Ladies and Gentlemen,
What else do I want to say? Perhaps that while of course every academy is similar, because it educates football players, every academy is also different. This is because football is very similar to my current profession of politics: it doesn’t really have a definition, every individual has their own opinion or image of it according to their own taste, they have their own individual philosophy, and they build this according to their own way of thinking. And this is why every academy is necessarily different. And when I hear “Uncle Pista” – who’s also one of our circle and has been helping us for a long time – talk about how one must position three midfielders, and then I open this book and read the modern conception of how three midfielders need to be positioned, I see a completely different philosophy. And if we ask him why his way is right, he’ll explain the philosophy which states why the essence of the game dictates that it has to be that way. And those who represent the opposing conception also explain why, philosophically, this must – of course – be completely different. I just want to say that every academy is different, and in addition to similarities it also has differences. This is a great thing. In this regard they mustn’t be standardised. It’s important to evaluate everywhere, it’s important to work from the same database everywhere, and to have the same scientific tools available everywhere. But one mustn’t standardise the way of thinking about the game, how to play the ball and where to move, because that will never produce football. You can’t play football in drill formation. You can stand to attention like that, and maybe march, but you certainly can’t play football. And our academy also has a philosophy. It’s no coincidence we’re sitting in a room like this. If you go to Diósgyőr, you won’t find yourself sitting in a room like this. They have a very good academy. Or if you go to Honvéd, you won’t find yourself sitting in a room like this – it will be another kind of room. And if you go out to see the pitches, they’ll look different. And if you talk to the staff, the coaches who work there, they’ll talk about football differently than we do here. This is because the special characteristic of this academy is that we categorise football as an art. Some categorise it as a business, some categorise it as a physical discipline, and therefore the consequences are different. We categorise it as an art. Our conception, the way we understand Hungarian football, can definitely be interpreted differently; but we understand Hungarian football as a story of essentially brilliant insights and inspiration. And our great players were all inspired players, and they foresaw something that wouldn’t have occurred to you, and which you’d never have thought of by just watching the game on its own. And this itself is art. So everything that you see here, the way we train players, the physical environment and objects, all means, of course, that players must do Pista Csáki’s exercises, and this kinesio thing that Mihály talks about must be recorded and measured. But in the end we need football players who go out on the field and do something that would never have occurred to anyone who wasn’t raised here. This is the point we want to arrive at.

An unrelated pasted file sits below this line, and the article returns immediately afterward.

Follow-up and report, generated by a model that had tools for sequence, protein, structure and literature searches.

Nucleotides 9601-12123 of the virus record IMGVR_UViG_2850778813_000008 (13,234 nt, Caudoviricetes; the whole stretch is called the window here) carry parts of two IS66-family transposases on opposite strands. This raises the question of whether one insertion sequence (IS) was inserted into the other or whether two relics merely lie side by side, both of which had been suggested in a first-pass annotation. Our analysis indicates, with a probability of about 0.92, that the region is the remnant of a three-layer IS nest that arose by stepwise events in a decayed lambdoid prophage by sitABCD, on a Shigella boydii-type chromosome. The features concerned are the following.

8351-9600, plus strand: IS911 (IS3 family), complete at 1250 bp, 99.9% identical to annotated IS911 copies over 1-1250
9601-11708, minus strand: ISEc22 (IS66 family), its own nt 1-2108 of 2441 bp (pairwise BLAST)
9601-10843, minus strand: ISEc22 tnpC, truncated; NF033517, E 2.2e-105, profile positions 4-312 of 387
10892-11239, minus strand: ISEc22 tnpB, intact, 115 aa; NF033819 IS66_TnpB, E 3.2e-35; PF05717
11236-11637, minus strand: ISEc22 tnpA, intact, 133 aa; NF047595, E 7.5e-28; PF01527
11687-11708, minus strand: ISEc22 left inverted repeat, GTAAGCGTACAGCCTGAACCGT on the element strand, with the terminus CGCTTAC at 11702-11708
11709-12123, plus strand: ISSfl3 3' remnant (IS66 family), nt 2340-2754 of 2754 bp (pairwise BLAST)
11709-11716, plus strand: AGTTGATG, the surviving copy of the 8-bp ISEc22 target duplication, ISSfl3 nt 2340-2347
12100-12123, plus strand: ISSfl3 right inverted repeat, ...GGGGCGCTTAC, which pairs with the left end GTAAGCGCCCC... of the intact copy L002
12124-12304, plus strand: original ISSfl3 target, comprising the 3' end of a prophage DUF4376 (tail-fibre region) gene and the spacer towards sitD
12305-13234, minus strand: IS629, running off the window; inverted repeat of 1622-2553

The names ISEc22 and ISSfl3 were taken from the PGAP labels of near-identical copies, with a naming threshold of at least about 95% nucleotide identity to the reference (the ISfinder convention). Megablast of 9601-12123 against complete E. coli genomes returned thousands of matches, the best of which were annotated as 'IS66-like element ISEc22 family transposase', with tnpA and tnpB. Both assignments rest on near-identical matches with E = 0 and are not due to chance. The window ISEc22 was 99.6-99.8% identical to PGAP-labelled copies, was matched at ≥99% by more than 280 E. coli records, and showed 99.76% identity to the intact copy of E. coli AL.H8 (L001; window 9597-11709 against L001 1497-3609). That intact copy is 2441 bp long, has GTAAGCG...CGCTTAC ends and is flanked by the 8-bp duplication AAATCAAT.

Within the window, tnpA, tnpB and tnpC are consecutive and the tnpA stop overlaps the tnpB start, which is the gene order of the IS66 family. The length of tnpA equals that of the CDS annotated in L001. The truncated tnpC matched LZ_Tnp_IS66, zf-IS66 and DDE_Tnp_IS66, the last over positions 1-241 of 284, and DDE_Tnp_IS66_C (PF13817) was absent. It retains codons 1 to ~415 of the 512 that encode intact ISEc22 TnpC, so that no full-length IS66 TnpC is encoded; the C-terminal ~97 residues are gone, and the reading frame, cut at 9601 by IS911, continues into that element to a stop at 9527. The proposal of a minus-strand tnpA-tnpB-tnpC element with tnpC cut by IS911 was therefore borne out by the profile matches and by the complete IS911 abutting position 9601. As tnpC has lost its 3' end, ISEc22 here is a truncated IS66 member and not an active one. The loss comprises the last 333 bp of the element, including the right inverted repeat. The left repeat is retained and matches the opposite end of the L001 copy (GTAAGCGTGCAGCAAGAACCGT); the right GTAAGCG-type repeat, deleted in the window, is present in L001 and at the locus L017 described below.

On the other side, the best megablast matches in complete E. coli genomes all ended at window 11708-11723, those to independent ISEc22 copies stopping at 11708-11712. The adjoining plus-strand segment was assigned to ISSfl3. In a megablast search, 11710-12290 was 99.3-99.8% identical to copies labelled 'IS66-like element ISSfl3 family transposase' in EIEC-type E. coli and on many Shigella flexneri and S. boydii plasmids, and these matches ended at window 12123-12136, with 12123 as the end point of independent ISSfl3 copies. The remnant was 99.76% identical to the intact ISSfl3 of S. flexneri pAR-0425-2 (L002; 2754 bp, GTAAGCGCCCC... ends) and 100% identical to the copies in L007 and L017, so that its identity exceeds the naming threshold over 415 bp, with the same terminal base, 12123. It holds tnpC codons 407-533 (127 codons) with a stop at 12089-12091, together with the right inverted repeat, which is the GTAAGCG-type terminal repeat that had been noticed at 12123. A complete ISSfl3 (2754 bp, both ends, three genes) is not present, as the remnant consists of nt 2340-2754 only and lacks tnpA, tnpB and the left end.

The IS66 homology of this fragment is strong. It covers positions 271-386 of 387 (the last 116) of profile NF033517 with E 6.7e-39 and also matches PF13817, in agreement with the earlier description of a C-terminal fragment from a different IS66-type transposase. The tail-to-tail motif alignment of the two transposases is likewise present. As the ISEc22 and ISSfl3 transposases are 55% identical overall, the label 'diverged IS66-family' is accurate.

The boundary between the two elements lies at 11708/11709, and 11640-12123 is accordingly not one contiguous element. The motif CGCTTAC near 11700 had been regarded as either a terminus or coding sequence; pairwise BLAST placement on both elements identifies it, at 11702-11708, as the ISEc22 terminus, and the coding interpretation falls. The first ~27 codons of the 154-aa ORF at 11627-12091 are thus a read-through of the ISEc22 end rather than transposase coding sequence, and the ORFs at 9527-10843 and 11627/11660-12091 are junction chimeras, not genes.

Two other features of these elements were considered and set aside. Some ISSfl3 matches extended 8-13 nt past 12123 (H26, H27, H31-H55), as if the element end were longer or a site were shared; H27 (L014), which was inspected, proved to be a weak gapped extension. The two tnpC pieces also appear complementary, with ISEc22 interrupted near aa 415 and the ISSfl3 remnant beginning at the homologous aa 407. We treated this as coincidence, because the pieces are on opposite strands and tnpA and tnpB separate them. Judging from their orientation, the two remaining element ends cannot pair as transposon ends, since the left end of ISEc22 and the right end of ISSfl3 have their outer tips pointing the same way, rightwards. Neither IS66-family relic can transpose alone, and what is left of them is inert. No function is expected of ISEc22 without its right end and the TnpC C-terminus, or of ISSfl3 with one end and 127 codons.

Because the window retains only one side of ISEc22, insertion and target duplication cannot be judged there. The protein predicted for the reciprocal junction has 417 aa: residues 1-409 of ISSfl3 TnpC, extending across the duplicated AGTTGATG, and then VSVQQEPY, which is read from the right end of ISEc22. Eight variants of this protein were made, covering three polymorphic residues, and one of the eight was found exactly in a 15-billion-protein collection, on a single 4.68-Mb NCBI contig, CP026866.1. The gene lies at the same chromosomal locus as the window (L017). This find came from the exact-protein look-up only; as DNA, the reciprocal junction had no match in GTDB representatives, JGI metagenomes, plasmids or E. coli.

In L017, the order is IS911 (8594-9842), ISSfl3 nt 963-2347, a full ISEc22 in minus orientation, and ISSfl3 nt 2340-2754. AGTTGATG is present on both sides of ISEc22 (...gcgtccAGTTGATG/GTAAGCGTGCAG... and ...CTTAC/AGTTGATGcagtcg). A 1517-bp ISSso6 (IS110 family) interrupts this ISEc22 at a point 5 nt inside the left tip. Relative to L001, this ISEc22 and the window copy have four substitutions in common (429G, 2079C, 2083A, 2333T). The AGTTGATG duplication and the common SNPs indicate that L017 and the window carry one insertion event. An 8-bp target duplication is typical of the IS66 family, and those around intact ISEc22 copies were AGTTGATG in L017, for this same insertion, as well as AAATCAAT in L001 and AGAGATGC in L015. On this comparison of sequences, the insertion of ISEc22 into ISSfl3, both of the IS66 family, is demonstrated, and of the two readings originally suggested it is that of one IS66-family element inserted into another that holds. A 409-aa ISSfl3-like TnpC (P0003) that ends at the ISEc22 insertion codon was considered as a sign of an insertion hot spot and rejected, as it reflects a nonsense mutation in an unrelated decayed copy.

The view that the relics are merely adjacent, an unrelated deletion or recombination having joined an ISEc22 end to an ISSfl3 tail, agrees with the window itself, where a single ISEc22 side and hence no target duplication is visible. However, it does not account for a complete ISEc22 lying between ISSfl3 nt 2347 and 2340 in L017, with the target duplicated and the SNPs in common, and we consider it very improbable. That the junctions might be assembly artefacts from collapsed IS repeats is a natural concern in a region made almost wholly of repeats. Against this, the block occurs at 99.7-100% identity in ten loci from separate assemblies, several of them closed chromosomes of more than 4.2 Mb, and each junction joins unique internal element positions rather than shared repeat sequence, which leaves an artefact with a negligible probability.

When I arrived here today I saw a Serb called Kripić, because there are not only Hungarians at the academy, but we also educate talented Hungarians and non-Hungarians from outside our borders. Here outside a Serb called Kripić was practising his shooting technique – not unsuccessfully. What I’m saying is that books are good, but it’s out there where things are decided. We have books, we have science, and we have theories. What we need are footballers, distinguished professors, educators, teachers and coaches. We need footballers! We’re impatiently waiting for this book to increasingly translate into reality, and to see youngsters who have all the huge amount of science in their feet that we’ve collected here in writing. And everything that the scientists have brought together here can be written by those youngsters – not in a book, but in a movement. That’s what we’re waiting for: we’re waiting for these footballers. I wish success to the academies – not only to ours, but also to others – in educating such footballers. This book will help every professional in this.
Thank you very much for your attention.